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Am J Physiol. 1979 Sep;237(3):C111-8.

Differences in ammonia and adenylate metabolism in contracting fast and slow muscle.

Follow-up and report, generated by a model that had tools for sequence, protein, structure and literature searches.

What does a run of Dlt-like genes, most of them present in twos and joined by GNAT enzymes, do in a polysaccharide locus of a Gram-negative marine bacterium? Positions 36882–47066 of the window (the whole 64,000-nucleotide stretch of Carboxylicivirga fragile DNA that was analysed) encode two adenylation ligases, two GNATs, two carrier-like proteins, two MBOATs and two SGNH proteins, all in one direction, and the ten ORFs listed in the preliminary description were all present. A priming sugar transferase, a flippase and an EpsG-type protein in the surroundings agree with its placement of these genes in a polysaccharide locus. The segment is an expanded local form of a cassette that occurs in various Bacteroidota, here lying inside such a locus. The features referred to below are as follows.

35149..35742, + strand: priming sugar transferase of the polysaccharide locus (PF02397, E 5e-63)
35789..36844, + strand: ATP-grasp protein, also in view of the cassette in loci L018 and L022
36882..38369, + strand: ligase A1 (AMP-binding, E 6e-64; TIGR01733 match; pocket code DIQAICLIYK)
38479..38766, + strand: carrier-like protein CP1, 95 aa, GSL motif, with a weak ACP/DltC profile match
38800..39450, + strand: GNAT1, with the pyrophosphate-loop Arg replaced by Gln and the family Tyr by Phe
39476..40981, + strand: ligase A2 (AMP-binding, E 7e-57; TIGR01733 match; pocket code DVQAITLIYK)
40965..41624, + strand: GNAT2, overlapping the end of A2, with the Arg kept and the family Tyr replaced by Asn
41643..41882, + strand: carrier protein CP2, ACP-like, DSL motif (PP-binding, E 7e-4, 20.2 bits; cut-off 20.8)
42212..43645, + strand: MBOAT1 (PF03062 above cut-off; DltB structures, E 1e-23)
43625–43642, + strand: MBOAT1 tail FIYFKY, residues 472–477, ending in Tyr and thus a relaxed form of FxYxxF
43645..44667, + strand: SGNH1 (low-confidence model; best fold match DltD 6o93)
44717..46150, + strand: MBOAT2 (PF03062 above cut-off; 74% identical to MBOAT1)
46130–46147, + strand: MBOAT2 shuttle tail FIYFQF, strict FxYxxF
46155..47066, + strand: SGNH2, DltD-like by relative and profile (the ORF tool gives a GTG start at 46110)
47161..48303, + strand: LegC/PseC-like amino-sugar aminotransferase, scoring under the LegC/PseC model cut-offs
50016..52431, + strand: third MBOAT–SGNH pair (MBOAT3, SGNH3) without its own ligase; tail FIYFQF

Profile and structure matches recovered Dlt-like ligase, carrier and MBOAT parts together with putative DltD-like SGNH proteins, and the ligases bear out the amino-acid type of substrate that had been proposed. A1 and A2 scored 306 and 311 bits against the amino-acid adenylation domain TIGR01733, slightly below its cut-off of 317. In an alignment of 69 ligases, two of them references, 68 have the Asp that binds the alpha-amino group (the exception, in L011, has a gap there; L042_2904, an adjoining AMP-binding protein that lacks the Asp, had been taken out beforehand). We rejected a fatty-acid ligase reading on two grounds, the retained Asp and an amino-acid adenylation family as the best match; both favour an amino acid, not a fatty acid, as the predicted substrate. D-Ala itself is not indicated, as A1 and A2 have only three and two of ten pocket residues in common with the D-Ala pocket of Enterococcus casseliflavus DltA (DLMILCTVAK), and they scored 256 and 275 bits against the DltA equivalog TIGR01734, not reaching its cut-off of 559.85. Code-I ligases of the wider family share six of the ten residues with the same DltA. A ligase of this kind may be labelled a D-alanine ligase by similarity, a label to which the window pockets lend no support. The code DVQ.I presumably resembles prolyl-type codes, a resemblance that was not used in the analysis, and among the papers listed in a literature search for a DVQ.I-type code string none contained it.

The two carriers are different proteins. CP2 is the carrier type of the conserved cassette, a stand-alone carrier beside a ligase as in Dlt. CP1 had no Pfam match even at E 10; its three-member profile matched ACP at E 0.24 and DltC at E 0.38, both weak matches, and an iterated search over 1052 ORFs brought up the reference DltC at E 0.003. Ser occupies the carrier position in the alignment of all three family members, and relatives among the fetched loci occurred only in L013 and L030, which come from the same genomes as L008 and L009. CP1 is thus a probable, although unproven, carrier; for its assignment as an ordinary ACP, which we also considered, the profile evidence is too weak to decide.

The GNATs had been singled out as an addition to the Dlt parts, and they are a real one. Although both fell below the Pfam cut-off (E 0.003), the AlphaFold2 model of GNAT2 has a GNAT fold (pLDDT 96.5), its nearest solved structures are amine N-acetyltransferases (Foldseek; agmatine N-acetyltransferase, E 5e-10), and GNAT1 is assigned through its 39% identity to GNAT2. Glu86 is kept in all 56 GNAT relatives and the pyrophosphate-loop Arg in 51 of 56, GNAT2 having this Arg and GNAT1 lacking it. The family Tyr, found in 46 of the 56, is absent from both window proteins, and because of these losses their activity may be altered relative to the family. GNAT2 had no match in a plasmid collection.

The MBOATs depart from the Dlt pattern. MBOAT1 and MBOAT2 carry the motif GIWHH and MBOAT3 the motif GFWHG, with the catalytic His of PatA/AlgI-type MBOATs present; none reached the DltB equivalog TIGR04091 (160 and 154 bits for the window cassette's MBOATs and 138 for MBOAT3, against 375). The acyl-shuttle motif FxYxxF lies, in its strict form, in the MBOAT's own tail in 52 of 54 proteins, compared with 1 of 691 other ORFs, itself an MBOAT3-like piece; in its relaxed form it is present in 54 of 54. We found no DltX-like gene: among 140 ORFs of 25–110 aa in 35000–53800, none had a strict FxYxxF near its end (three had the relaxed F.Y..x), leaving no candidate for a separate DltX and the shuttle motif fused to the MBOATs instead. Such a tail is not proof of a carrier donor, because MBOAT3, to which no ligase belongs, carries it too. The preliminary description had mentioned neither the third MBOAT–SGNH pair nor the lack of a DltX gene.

The time course of AMP deamination and IMP reamination was studied during in situ stimulation and subsequent recovery in fast-twitch (gastrocnemius) and slow-twitch (soleus) muscles of pentobarbital-anesthetized rats. Muscles were stimulated tetanically at rates that initially produced comparable decreases (40%) in tension development. In fast muscle, progressive decreases in total adenine nucleotide (TAN) contents of up to 50% were balanced by equivalent increases in IMP contents. Ammonia concentration initially increased in a 1:1 stoichiometry with changes in IMP and TAN. During recovery following stimulation, IMP removal matched, but NH3 removal exceeded the rate of TAN resynthesis. In contrast, TAN content in slow muscle was only slightly decreased (10%) during stimulation and there were no increases in IMP or NH3. Stimulation of the soleus following ligation of the blood supply did not increase TAN depletion. In both fast and slow muscle, changes in glutamate, aspartate, and alanine could be accounted for by transamination. These results illustrate a fundamental difference in adenylate metabolism during intense muscle stimulation between fast- and slow-twitch mammalian muscle.

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